From the archive: Chris Grayling – cooking up a prison crisis
As regular readers of this blog will be aware, I refer in many posts to the ongoing crisis in our prisons. In my view this is attributable to three key factors: substantial budget reductions, serious overcrowding in many establishments and shortages of frontline staff. This sad state of affairs is, of course, denied by the Ministry of Justice (MOJ) and the National Offender Management Service (NOMS). They prefer to use the weasel word ‘challenging’ and pretend that all is well in our nicks.
Whichever way you choose to look at the problem, it’s becoming increasingly difficult to deny the facts. We have too many people in prison (many of them non-violent offenders or unconvicted people held on remand) and too few staff to manage them. This dangerous combination of factors is creating a highly toxic mix.
I must admit that I rather like my cooking metaphor, so let’s examine how you set about creating a prison crisis using Chris Grayling’s experimental recipe for disaster. Forget Gordon Ramsay’s cooking Behind Bars, this is more a case of Heston Blumenthal’s worst – and potentially most explosive – nightmares, combining various volatile and dangerous elements.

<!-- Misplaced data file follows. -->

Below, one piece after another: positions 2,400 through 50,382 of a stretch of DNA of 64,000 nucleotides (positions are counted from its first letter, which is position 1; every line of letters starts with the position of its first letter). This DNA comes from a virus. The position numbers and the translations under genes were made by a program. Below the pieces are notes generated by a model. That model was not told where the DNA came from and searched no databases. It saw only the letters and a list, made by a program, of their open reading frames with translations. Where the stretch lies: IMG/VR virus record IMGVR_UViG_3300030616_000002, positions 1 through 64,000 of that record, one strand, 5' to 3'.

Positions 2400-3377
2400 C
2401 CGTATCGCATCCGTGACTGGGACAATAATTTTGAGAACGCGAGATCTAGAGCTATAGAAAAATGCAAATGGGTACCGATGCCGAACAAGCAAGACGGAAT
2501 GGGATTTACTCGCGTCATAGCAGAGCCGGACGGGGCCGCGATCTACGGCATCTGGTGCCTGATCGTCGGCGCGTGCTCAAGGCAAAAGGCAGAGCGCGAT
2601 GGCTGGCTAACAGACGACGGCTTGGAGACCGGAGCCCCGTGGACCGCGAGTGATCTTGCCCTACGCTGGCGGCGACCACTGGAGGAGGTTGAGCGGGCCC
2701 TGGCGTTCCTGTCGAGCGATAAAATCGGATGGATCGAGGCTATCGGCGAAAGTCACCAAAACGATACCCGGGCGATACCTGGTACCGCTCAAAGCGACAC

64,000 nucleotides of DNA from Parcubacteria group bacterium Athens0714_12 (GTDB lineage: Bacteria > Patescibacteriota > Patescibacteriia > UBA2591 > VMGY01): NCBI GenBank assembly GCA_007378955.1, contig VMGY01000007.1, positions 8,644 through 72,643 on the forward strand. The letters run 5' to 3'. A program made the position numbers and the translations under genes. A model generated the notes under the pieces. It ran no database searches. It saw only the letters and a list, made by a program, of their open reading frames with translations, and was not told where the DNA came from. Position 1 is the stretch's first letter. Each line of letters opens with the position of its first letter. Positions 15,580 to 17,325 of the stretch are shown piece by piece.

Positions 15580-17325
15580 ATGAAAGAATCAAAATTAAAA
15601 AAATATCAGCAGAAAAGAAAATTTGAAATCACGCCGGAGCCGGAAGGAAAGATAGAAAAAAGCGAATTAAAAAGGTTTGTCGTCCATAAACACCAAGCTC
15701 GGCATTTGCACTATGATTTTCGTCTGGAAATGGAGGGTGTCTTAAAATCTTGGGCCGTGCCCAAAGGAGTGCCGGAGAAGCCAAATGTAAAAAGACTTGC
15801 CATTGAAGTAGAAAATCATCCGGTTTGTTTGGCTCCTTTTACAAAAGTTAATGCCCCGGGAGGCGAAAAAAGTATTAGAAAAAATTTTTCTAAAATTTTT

The first ingredient has to be to have more prisoners than the existing system can reasonably cope with. This can be achieved in various ways, but closing a significant number of public-sector prisons without making any provision for a rising prison population is always a good start. Shutting down a prison is much easier than opening a new one, so once they’re gone, they’re usually gone forever.
You can also create loads of new populist, knee-jerk criminal offences that carry custodial sentences, but don’t forget to make sure that Legal Aid is almost impossible for many defendants to get. These measures can be relied on to raise the prison population to historically high levels and will significantly aid the overcrowding you need to ensure the success of your prison crisis.